Tag Archives: kindness

The 7 A’s of Dementia – Apraxia

Whatever you accept completely will take you to peace, including the acceptance that you cannot accept, that you are in resistance… E. Tolle (Stillness Speaks)

Apraxia is the loss of ability to initiate purposeful movement. Individuals with apraxia may also have trouble understanding terms such as back, front, up, down. As a result of these losses, it becomes difficult to do things such as tying shoelaces, doing up buttons and zippers, and any activity involving co-ordination. When we lose our abilities to remember the sequences and patterns of movement, it results in the eventual inability to co-ordinate hand and leg movement necessary for specific activities, such as driving.   Apraxia definition from http://www.alzheimer.ca/en/on/About-dementia/Dementias/what-is-dementia/Seven-A-s-of-dementia

There is a sequence when we complete a task or chore – a natural order. Unfortunately, persons with a dementia lose the ability to remember and to understand the sequence and order of things – they become unable to discern the steps or sequence of a task.

They also are unable to attend to the task because they lack focus. This lack of focus (and lack of understanding the steps or sequence when doing a task) will upset or anger the person with a dementia.  Frustration follows. Often the person will refuse to do the task or interrupt or walk away from the chore while in the middle of it, simply because of their frustration. Frustration sets in because they cannot understand why they cannot do the task or remember how to do it. Often the person with a dementia just wants to “save face,” so they walk away or they begin to exhibit aggression, combativeness, anger, etc. We wrongly assume (especially in the middle and later stages of dementia) that a person with Alzheimer’s doesn’t feel embarrassment when they make mistakes – wrong! They are embarrassed and often will feel shame. They are aware that something is wrong, but they do not recognize what is wrong or how to fix it. Often this is the underlying reason that they become aggressive or angry.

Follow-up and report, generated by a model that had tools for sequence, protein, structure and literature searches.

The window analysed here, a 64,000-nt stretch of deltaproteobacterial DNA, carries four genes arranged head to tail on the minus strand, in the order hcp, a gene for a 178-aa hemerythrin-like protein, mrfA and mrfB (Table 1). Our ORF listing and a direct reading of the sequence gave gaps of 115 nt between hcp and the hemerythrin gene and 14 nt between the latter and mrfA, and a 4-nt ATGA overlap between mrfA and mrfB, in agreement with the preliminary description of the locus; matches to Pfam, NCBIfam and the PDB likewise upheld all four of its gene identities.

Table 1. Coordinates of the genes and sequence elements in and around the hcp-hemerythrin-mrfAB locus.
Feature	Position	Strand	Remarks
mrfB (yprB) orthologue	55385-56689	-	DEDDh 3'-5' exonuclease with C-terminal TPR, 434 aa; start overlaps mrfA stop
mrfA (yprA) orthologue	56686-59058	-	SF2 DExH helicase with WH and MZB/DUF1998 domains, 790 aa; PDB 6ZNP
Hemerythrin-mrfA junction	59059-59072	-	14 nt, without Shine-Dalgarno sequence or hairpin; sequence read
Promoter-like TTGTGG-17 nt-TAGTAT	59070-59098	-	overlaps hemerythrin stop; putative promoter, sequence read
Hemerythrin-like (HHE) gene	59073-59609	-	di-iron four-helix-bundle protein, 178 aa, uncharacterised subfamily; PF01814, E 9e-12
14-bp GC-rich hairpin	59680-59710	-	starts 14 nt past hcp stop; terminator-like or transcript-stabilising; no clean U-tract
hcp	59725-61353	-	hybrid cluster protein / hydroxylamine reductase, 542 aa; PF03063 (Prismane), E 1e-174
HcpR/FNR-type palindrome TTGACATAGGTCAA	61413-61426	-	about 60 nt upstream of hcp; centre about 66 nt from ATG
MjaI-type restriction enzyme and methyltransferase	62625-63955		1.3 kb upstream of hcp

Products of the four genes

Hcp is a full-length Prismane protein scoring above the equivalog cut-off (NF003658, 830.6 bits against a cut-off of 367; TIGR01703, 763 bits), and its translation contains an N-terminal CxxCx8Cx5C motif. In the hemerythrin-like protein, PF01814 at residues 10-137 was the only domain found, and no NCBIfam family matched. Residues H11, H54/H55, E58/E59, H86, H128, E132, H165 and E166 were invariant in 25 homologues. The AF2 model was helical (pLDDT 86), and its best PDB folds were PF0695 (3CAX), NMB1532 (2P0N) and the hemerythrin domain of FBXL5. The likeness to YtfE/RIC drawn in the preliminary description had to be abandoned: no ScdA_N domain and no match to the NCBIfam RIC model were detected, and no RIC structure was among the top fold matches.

My mother would often rail at us when we tried to help her dress or brush her teeth. She would insist, loudly and persistently, “I can do it myself!” Many times when we took her to the bathroom, she argued that she didn’t need our help, when so many times, she clearly did!